The absurdity of standardized test administration

As a public school teacher, every year around this time I'm doomed to administer the dreaded standardized tests. For six whole days, we teachers make children sit silently, filling out bubbles.

This time of year always infuriates me. It makes me feel like this kind of teacher:


These test scores not only place students into four categories: advanced, proficient, basic, and below basic, but they also place our school into one of two categories: adequate yearly progress or failing to achieve adequate yearly progress.

I've been a public school teacher for six years and the pressure to "succeed" on these tests seems to be getting worse and worse.

It seems that teachers and principals around the country are feeling the pressure as well. In the wake of cheating incidents such as the teachers in Atlanta and the principals in Philly, the rules for standardized test administration have become more and more complex.

This year, I had to take an hour-long online training course in order to be certified to administer the standardized test. Yes, you read that correctly. I had to take a test in order to administer a test. The course managed to be mind-numbing and confusing at the same time.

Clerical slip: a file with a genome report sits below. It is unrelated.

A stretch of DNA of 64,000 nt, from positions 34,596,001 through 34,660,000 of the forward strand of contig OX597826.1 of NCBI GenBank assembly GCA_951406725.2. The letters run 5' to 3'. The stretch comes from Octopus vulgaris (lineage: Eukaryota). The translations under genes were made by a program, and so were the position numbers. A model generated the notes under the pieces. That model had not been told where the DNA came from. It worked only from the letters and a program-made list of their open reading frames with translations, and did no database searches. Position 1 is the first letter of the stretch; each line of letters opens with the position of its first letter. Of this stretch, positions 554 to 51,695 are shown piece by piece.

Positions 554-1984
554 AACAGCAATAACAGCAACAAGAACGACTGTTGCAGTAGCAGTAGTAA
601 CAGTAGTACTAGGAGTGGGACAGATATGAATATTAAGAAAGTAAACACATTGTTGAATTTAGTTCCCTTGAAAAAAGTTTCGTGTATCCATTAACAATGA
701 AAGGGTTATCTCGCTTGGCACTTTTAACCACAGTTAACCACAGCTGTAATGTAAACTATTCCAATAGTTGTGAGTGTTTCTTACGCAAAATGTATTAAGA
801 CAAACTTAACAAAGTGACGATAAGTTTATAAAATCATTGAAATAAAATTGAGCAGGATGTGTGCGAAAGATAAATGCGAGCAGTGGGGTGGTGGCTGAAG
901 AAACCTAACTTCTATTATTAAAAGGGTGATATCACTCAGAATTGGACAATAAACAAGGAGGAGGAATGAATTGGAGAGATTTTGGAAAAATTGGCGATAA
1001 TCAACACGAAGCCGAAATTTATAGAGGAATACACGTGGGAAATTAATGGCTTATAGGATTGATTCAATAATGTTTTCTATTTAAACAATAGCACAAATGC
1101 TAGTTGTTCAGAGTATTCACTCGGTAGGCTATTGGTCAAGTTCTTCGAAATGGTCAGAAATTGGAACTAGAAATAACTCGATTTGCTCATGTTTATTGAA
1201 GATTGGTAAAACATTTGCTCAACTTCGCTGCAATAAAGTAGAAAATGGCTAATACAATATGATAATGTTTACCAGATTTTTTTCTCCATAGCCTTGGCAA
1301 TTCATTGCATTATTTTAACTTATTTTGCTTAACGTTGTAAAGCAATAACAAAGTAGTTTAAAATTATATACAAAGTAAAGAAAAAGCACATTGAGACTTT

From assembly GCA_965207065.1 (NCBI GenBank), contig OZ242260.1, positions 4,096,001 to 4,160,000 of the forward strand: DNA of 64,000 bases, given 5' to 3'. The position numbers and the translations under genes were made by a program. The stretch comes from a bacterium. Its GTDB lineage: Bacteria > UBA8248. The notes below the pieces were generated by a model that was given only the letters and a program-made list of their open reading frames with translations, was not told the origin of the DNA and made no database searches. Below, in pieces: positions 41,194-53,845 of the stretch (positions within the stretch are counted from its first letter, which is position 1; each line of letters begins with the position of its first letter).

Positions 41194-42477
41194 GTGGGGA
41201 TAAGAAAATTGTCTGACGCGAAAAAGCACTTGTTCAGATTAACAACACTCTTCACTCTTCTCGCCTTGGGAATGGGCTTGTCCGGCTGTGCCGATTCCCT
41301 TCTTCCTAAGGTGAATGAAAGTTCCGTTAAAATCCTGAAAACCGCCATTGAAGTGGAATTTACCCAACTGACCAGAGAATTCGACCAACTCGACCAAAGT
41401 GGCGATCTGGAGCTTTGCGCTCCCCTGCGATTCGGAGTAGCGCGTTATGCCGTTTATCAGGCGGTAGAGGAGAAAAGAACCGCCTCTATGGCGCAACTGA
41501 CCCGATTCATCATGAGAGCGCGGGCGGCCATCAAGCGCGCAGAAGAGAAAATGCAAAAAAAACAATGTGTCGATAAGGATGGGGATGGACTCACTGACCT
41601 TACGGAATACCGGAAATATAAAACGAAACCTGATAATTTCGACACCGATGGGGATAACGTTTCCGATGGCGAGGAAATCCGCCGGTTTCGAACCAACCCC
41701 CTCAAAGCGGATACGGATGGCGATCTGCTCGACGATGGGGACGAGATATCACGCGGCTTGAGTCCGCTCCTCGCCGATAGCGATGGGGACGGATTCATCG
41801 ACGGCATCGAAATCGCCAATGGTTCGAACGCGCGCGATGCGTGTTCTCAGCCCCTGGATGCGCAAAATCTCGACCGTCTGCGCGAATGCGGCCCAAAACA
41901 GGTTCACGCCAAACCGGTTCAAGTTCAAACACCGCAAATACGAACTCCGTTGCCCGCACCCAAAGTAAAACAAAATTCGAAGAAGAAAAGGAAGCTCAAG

Today when we met as a staff to discuss the ins and outs of testing for next week, we debated the rules. Of course we want our students to do well on these tests, and quite frequently, they skip questions by accident.

How do we make sure that our students answer all the questions? We certainly can't let them know if they missed a question. No, that would be cheating. We certainly can't ask them to show us their finished work. No, that would also be cheating. We certainly can't ask a child to go back and look at his or her book when they say they are finished. No, that would be cheating as well.

For me, the moment of today that made this day unlike any other was the moment when we just had to laugh and shake our heads at the sheer absurdity of it all. We know as educators that our job is to inspire and motivate children to reach their true potential, not to be reduced to test administrators debating these kind of details.

I'm not pretending to have the answer to solve the education problems in America, but I do know a thing or two. I know these tests lead to schools cheating to achieve high scores. I know I find it condescending to be trained in "active test monitoring." I know these tests don't show the creativity, imagination, and critical thinking skills of our students. I know these tests send students into a blind panic. Bottom line, I know these tests aren't educating our children.

Yet for the next week, my sole job is to be the best test administrator I can be.